Courtesy – wikipedia
After the Uri incident and the recent surgical operations by Indian army, the questions is again raised, as can India take this kind of risk and the answer obviously is not very straightforward. But it’s time for India to stand its ground and stop being a silent spectator.
We cannot look at problems in isolation, considering the fact that we are connected one way or the other. Political relations, past history, border conflicts, current economy, religious sentiments, future ambitions and trade are some of the factors that drive foreign policies. Most of the time it is not just one factor, but combination of multiple factors.
If India has to survive and sustain in the current global economy and politics, it really needs strong leadership. It also has to make more global friends, have more say in the world politics, become self-reliant and most importantly dictate its own policies based on its own interests. With the exception of Indira Gandhi there hasn’t been any strong leader like Narendra Modi, who would take difficult steps in the interest of nation and also use all the diplomacy to create consensus among global community.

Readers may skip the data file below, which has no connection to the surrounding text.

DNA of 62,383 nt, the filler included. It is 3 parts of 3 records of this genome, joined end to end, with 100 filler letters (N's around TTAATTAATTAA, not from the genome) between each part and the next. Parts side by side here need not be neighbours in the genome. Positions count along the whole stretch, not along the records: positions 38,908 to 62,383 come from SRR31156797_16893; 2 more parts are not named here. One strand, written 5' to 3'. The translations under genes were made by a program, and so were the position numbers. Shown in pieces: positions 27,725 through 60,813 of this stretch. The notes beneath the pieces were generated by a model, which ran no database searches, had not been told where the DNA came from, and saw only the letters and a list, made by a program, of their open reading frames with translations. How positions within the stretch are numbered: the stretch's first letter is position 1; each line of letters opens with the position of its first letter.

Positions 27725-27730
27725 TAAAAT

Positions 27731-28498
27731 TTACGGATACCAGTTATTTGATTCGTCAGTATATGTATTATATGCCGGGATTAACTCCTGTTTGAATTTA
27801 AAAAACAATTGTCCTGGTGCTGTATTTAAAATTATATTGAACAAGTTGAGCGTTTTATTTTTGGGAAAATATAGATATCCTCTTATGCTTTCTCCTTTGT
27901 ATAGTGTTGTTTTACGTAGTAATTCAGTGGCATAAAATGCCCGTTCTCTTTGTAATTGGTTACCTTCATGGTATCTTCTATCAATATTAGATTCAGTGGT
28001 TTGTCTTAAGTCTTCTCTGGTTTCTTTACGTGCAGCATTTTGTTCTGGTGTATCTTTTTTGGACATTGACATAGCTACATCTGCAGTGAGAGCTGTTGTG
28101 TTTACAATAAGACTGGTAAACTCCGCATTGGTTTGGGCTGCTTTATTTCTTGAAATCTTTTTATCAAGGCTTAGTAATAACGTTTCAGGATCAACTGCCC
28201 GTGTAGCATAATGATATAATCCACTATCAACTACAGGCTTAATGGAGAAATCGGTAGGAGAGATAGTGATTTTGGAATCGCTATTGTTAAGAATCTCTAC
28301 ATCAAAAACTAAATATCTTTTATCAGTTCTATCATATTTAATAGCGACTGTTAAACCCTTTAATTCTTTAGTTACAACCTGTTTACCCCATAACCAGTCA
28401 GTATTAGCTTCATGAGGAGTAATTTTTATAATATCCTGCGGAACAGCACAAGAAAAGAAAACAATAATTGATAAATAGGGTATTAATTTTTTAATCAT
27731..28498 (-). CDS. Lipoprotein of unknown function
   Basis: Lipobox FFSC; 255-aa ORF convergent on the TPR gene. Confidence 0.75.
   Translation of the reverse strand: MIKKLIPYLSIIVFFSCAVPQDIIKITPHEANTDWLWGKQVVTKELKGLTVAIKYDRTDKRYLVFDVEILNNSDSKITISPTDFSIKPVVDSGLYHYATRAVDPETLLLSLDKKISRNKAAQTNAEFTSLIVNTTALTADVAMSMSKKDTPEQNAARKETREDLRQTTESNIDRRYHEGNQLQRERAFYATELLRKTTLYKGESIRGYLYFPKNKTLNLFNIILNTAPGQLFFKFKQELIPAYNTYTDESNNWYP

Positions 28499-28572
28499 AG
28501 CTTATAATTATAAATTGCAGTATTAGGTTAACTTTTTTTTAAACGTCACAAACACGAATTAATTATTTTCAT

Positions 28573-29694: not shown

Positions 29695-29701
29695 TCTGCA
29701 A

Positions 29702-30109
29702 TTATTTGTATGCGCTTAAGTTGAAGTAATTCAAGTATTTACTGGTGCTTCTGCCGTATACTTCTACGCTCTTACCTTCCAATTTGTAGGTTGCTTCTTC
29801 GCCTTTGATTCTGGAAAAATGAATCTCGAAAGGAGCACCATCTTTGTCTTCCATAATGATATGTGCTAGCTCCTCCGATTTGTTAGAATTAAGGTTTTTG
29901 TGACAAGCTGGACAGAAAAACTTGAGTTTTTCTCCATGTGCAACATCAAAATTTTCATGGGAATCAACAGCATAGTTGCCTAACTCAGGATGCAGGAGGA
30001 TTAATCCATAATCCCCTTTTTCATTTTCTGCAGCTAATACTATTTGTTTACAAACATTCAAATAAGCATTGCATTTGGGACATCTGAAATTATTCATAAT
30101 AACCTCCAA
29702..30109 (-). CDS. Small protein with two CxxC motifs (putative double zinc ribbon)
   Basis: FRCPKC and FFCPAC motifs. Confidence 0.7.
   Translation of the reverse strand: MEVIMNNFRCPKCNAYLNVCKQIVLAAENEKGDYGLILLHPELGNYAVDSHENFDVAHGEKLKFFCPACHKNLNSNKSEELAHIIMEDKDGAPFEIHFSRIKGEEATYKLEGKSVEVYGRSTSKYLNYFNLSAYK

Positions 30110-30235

It has to stop being docile and rely only on dialog. It also needs to have a short term and long term plan. The Kashmir issue or the terrorism sponsored by Pakistan are superficial issues with deep roots in Pakistan’s political background and army having a larger say in its foreign policies.
From Indian standpoint, China is a bigger threat with its continuous effort to support CPEC (China Pakistan Economic Corridor), which means a lot to China as it opens up Arabian ocean for trade, giving access to oil from gulf and help them accelerate their trade in Africa. With China’s investment in Pakistan and few parts of Africa, it opens up huge avenues for China for its future growth.